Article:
A baseball or hockey game here, a golf tournament there: Events without fans are rare
Latest in a series of articles about the 2020 futures of major sports leagues.
Plenty of unknowns remain about the return of live professional sporting events, but one thing is certain: Fans will not be in attendance for the foreseeable future.
NASCAR announced that its premier Cup Series season will restart without fans May 17. The PGA Tour will restart June 11 with no fans for at least its first four events. They’ll follow in the footsteps of the WWE, which has held events, including Wrestlemania, without fans for two months.
The timeline is slower for major team sports leagues. They must account for more people — players, coaching staffs, officials, etc. — essential to the operation. Widespread testing for the coronavirus is considered a prerequisite.
Major League Baseball suspended operations during spring training March 12, but officials are confident they can hold some form of a regular season. NBA officials remain hopeful the league can salvage its regular season and playoffs. The NHL ruled out playing at neutral sites and the latest plan is to hold playoff games in NHL venues in four “hub” cities to minimize travel. It is considering playing into October and delaying the start of the 2020-21 season.
Among plans Major League Baseball is considering is splitting the 30 teams into three regional divisions, putting the Dodgers and Angels in the same division.
MLS will reopen training facilities for players next week and is tentatively scheduled to resume its season June 8. The WNBA is contemplating quarantining teams and playing in one neutral location. The NFL has time to wait it out.
None of the leagues are expected to have fans at games to start — possibly into 2021. They will be made for television with billions of dollars at stake.
It will be uncharted territory, for the most part. Only MLB and the PGA Tour have held events without fans. The American Hockey League, the NHL’s top minor league, has also staged games without fans.
They were similar in their strangeness. Here’s a look at those few examples, and a peek into what temporarily will be our new normal.
The only MLB game played without fans happened five years ago last week. The Baltimore Orioles and Chicago White Sox played at an empty Camden Yards after unrest surfaced in response to Baltimore resident Freddie Gray’s death in police custody.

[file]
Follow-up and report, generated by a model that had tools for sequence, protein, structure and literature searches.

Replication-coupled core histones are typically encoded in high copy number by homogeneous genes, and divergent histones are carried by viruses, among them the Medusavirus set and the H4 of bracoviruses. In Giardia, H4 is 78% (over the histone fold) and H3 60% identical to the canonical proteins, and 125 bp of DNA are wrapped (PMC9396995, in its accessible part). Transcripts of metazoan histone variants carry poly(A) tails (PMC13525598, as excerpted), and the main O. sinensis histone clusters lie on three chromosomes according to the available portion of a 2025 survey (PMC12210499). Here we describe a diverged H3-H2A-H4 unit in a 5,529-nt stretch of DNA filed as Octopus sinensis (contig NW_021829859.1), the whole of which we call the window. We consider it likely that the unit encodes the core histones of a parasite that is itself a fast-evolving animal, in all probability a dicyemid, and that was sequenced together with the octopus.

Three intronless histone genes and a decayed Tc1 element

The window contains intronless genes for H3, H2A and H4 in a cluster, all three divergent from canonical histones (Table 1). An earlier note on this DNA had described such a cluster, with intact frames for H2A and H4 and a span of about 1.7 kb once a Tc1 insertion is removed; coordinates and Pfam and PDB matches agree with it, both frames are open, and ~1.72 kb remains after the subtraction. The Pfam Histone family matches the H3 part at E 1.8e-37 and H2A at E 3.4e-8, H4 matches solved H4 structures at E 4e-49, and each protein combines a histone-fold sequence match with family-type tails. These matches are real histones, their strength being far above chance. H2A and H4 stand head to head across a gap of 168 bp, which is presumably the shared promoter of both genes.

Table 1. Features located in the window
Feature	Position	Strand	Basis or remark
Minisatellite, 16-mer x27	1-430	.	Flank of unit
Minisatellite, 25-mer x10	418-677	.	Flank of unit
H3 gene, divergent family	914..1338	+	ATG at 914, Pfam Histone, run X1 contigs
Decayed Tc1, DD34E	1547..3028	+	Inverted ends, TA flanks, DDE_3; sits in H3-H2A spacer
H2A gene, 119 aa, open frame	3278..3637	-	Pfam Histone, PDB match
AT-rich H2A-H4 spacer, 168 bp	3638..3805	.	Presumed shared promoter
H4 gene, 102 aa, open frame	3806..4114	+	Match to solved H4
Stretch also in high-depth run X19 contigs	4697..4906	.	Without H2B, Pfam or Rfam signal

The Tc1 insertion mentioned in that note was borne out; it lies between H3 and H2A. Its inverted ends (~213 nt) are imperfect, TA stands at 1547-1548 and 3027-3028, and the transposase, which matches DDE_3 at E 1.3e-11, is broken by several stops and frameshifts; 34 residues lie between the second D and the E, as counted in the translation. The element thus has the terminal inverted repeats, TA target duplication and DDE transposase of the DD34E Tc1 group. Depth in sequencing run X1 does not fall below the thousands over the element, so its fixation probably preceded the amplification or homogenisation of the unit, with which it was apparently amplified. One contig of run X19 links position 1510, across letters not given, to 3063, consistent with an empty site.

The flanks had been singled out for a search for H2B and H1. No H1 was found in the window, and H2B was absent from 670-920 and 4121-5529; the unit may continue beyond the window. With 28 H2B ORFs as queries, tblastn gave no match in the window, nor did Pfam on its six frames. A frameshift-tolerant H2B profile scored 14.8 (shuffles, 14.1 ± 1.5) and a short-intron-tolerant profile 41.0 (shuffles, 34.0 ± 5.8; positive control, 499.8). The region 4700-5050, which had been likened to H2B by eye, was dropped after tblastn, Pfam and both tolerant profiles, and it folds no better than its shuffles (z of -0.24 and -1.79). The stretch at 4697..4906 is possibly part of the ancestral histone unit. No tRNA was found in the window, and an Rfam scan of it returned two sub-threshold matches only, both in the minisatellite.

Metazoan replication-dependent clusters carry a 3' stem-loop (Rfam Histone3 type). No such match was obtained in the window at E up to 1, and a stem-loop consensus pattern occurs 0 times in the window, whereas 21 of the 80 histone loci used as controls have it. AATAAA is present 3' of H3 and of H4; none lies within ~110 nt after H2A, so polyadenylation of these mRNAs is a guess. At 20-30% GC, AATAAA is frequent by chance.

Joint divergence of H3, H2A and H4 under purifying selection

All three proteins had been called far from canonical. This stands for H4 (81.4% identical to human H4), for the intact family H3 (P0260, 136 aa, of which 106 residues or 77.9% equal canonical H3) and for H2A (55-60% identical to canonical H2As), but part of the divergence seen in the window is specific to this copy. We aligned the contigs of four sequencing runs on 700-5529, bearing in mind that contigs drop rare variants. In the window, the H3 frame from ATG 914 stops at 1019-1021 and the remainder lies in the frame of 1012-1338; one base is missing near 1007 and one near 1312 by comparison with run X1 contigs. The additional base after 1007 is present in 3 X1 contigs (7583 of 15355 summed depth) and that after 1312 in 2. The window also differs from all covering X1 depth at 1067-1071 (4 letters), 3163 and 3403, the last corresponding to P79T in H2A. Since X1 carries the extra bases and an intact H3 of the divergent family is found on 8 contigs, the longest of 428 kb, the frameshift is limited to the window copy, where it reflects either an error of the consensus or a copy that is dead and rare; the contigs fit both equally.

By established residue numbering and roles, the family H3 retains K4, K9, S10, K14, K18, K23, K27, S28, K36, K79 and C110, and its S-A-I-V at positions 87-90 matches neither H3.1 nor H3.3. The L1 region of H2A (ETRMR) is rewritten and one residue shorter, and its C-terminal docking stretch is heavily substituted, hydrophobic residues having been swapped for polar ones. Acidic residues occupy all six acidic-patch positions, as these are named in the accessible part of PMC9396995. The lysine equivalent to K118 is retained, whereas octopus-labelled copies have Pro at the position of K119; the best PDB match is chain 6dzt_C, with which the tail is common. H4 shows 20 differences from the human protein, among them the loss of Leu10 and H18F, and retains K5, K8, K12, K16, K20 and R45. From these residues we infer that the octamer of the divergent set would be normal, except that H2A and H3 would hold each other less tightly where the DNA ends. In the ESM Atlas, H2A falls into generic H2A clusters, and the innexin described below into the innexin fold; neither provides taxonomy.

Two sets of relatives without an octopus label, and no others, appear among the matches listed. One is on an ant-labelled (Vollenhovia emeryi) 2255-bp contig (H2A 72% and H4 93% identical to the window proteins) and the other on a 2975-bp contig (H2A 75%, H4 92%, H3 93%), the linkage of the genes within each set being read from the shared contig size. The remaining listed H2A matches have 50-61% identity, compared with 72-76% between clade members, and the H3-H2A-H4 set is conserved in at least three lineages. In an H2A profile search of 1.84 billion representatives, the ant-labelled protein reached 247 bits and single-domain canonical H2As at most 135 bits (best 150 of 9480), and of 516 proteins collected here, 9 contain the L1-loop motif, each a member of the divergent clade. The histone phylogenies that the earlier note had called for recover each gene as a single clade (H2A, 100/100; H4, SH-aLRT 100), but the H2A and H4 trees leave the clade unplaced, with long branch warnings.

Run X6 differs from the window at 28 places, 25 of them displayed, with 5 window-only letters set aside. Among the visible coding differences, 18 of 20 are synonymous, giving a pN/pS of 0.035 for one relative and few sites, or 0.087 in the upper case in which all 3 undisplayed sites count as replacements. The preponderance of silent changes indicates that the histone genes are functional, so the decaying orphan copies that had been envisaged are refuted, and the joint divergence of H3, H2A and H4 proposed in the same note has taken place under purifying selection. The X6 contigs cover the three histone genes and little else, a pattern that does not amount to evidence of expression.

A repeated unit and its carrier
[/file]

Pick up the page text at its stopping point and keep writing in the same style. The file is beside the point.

Riots forced MLB to cancel the first two games of the series. The finale was moved from night to the afternoon to comply with the city’s curfew. The decision was made to not allow fans entry.
The Orioles won, 8-2, in a brisk two hours and three minutes — an unusually short game. Music and the public address announcer echoed. Players pretended to sign autographs. A ball girl did her job, protecting the empty seats behind her. Stadium employees roamed the stands for foul balls.
After the game, Orioles first baseman Chris Davis, who hit a three-run home run in the first inning, compared the atmosphere to a spring training intrasquad game. Orioles manager Buck Showalter said every word could be heard on the field.
“When you’re rounding the base and the only cheers were from outside the stadium, it’s a weird feeling,” Davis told reporters. “I’ll take any home run I can get at any time I can get it, but it’s definitely more fun when there are fans.”
The PGA Tour has held two full rounds without fans present: the third round of the 2012 AT&T National in Maryland and the final round of the 2016 Farmers Insurance Open at Torrey Pines in San Diego. In both instances, fans weren’t allowed after inclement weather caused damage and toppled trees.
The third round of the AT&T National was played after a windstorm ripped through the area the previous night. The storm left more than 400,000 people and the course without power. The round began after a six-hour delay with the temperature approaching triple digits and debris on the course.
Tiger Woods chipped in for a birdie on the sixth hole, and the shot was met by silence.
“I’ve played in front of people like this, but not generally for an 18-hole competitive round,” Woods said.
Fans were allowed for the final round the next day. They watched Woods shoot a two-under 69 to come from behind for his 74th career win.
Weather caused a more recent example in hockey. On Jan. 17, 2018, the American Hockey League’s Charlotte Checkers hosted the Bridgeport Sound Tigers at Bojangles’ Coliseum. The arena was empty after six inches of ice and snow fell in the Charlotte, N.C., area and the Checkers discouraged fans from attending. The Checkers, an affiliate of the Carolina Hurricanes, won 4-3.
“It’s more fun to play with people out there, but we need to do our best no matter what the situation,” Charlotte center Lucas Wallmark said.
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